Depositing is a legal process for gathering evidence sworn from a witness. Always keep in mind that feeling can make or break your case when you hold your opponent in legal proceedings against him or her. Therefore, you should know how to act during your deposition

Here are some commonly asked deposition questions for giving an effective testimony.

What is a deposition?
Deposition collect pre-trial information to find out what the witness knows. Certificates were retained for later use. The program usually takes place at a law office and involves an oral comment by a court reporter about what is said in testimony. The witness takes the oath and must answer any questions asked by any respected lawyer.

Can you refuse to give a deposition?
A writ of summons is a legally binding written order of the parties to testify in a particular case. In a deposited summons, the solicitor must swear an oath. If you do not wish to contribute, you can notify the judge in advance. Refusal of recognition, if formally requested, may be punishable by downgrading.

What happens after a deposition?
Here are a few things that typically follow a deposition:
A transcript is prepared
Parties review and revise the transcript
Your lawyer will evaluate your deposition
Your statement can be used in court
After a deposition becomes part of a public court record, it may be accessible well after your case is over.

How to prepare a witness for the deposition?
Every attorney will need to know how to take a useful deposition. Also, they must know how to prepare their deposition witnesses to eliminate surprises. Here are some tips for lawyers to prepare a witness:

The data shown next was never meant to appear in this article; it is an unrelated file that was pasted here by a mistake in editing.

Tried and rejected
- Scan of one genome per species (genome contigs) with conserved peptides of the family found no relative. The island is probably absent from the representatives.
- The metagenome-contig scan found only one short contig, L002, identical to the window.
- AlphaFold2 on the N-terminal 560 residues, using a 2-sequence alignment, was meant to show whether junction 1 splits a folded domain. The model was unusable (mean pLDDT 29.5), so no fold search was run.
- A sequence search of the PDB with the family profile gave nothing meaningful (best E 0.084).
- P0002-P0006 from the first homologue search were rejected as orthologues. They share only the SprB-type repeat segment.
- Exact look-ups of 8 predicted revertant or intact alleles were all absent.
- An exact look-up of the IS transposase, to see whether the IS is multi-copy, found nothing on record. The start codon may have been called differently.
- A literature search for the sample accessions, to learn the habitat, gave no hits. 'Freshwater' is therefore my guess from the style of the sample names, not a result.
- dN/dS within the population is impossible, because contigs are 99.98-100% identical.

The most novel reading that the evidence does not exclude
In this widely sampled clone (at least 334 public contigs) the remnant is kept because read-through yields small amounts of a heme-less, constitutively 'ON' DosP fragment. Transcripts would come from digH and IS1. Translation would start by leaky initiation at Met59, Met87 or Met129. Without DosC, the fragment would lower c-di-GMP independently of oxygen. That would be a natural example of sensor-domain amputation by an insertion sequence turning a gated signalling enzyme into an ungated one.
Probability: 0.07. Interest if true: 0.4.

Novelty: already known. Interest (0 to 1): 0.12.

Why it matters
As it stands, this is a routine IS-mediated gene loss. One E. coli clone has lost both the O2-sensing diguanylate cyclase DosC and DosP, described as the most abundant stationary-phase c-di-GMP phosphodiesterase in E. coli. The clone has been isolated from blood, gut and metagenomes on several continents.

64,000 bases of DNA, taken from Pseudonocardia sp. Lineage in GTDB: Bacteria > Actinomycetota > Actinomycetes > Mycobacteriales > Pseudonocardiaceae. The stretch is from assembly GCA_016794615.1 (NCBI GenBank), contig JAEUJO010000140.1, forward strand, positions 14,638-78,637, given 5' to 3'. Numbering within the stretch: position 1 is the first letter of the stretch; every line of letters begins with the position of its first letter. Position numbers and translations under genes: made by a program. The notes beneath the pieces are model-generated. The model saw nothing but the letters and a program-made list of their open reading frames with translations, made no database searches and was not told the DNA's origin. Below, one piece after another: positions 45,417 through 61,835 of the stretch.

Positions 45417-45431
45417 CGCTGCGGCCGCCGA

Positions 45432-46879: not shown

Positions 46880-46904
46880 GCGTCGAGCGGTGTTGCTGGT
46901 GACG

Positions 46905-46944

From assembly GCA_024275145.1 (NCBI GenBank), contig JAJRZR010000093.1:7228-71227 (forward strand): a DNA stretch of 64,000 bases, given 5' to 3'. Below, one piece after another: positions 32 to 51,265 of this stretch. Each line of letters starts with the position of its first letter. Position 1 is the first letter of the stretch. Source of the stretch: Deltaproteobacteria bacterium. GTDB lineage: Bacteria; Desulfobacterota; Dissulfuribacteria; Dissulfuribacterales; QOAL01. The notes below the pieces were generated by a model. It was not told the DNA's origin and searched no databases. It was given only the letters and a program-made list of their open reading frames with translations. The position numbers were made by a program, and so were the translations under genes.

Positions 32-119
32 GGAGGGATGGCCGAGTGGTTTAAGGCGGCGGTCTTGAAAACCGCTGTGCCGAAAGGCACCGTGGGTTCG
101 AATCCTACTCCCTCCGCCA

Explain the Process
Answer Their Questions
Practice with a Mock Deposition
Practice the Right Conduct

How to beat a deposition?
Preparation and professional demeanor are crucial to providing effective depositions in legal proceedings. Here are some dos and don’ts to beat a deposition:

Listen to the question
Only answer the question that is asked
Ask the questioner to rephrase questions you don’t understand
Maintain your composure
Don’t interrupt the questioner
Stick to truthful answers
Don’t use non-verbal communication to answer questions
Beware of compound questions
Listen to your attorney
Dress and act appropriately

Author's Bio: 

Colleen Jilio-Ryan is the Owner of Jilio-Ryan, a Tustin based premiere law consulting firm. The firm along with its certified court reporters is dedicated to providing the highest quality deposition and litigation services to attorneys, insurance companies, and corporations. With her sincere efforts, Colleen is committed to meeting the highest standards of the legal industry, and is an industry leader when it comes to on-time court reporting and deposition scheduling.